[vc_row][vc_column][vc_column_text]The U.S. dollar is the currency of safety for the world. Given that the United States is also the originator of the impactful trade fight between itself and China, that creates a strange situation in which the U.S. economy is creating risk while propping itself up on risk aversion.
Emerging Markets and their Role in the Global Economy
Emerging markets, like China, which show a high rate of expansion in a short period of time, help keep the global economy afloat when other economic forces are dragging it down.
But the trade war, and a global economy centered around the dollar, have made the situation more uncertain as the strength of the dollar continues to hold. These economies mostly borrow in dollars, and their customers tend to pay in euros. Because the euro has lost value against the dollar, this means that business as usual is not as profitable for emerging markets.
Countries that trade in the euro for exports from these markets are seeing strong recession risk. Italy and Germany are both at risk of entering a technical recession, a state in which a country’s GDP has declined for two quarters. Germany’s weakening auto sales coincide with a global manufacturing decline, the combination of which could economically bring down the eurozone as demand for cars and other goods declines.
The Fed Cuts
The Federal Reserve cut rates for the third time this year last week to a target of 1.50 – 1.75, though they seem unlikely to cut rates further. This is an attempt to stimulate the economy as growth slows, and to be sure, growth is slowing.
Unemployment and the Road Ahead
The U.S. department of labor reports that continued jobless claims have increased by 20% year-over-year as of September, meaning that a larger share of those who are unemployed currently are staying that way. For whatever reason that is, slower hiring could mean we may enter a similar situation to Italy: our labor force may not be able to meet growing demand. That could in turn lower GDP and portend the beginning of a major downturn, especially as the rest of our job market sees the impact of labor shortage come to a head.
If the Fed keeps up their current trend, they may cut rates more and further put cash into the market to weaken the dollar. That would certainly help foreign capital and increase trade volumes. However, as the trade war continues to pressure the world economy, that aforementioned duality of risk and safety held within the dollar could keep creating problems.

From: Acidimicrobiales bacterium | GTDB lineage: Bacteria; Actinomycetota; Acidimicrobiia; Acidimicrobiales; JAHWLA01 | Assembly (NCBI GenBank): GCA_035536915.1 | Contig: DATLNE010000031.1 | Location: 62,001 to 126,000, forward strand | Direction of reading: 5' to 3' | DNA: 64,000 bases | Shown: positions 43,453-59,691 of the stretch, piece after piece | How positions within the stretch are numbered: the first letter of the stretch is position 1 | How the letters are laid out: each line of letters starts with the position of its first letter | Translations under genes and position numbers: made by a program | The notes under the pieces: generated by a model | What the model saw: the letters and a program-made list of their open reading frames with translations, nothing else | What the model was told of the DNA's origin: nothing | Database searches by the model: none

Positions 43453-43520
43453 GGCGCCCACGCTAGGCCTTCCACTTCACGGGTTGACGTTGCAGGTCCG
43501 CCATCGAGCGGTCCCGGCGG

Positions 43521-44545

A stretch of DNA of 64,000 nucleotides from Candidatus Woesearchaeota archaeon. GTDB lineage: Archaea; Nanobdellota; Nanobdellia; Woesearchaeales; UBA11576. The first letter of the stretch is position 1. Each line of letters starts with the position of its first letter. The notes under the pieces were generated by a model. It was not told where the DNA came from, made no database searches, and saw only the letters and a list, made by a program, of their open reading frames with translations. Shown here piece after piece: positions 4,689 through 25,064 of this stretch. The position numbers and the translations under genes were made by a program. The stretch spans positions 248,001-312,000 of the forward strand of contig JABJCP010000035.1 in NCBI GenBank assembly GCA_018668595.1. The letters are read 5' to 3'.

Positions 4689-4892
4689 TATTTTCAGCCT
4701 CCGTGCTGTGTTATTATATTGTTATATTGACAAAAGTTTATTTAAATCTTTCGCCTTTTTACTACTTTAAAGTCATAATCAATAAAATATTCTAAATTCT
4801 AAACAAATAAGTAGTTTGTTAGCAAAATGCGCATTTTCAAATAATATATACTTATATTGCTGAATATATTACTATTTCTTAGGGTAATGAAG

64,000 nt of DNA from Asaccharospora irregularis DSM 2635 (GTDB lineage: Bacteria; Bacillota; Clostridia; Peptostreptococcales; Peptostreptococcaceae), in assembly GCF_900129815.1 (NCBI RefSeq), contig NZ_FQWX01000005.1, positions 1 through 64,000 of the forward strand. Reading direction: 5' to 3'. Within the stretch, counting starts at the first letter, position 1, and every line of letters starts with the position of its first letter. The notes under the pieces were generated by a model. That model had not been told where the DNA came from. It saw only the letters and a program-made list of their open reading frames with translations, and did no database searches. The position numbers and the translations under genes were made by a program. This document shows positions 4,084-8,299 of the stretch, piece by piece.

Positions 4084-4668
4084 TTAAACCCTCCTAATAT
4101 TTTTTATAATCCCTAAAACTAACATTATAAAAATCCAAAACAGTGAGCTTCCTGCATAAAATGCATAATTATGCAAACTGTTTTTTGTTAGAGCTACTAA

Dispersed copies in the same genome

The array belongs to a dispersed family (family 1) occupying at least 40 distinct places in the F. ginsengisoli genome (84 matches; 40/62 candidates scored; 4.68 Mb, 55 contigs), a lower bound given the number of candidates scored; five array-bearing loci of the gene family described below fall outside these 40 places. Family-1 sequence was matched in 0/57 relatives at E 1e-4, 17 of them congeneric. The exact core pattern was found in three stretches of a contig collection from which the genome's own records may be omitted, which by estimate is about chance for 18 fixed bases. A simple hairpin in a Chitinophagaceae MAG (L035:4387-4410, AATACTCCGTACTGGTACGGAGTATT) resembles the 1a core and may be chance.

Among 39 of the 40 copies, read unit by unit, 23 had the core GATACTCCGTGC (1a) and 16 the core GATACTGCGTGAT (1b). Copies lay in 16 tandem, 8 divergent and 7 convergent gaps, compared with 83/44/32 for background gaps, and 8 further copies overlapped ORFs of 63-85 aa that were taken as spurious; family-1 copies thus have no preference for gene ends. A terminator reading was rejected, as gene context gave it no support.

Risk in the Global Economy
The euro is currently at a higher index than the dollar, but it fluctuates much more. The eurozone is becoming riskier to investors while the United States, for now, holds steady as a safe haven. Further, Asia is seeing a long-term rise in manufacturing as the trade war continues to make manufacturing in China costly for United States companies, putting more investment into those places while Europe sees continued labor shortages.
While large amounts of cash are moving East from the United States, they are passing Europe in favor of Asia. China continues to be a strong consumer even with historically high levels of saving per household, especially among the younger generations.
Will the Dollar Weaken?
Citibank predicted a few days ago that the dollar could fall to an 85 on the index, versus its fluctuations around 97 as of now. Citi says that the Fed could purchase more bond assets, growing its balance sheet. While that is an optimistic view, the interest rate drops could signal stronger moves. They may be needed.
A weaker dollar is necessary for continued growth because it makes investment in the U.S. easier for foreign LP’s. If the dollar remains strong, investment opportunities could be squandered as those foreign LP’s look elsewhere.
Since the financial crisis, the dollar has continued to be a powerful force. The Fed’s dovish appearance seems to talk of a weakening dollar as interest rates are cut, but they may be too cautious. The Fed seems resistant to making more drastic changes, which could make for an unfortunate situation if the diverse U.S. economy still cannot sustain labor shortages the likes of which sections of the EU are experiencing.[/vc_column_text][/vc_column][/vc_row]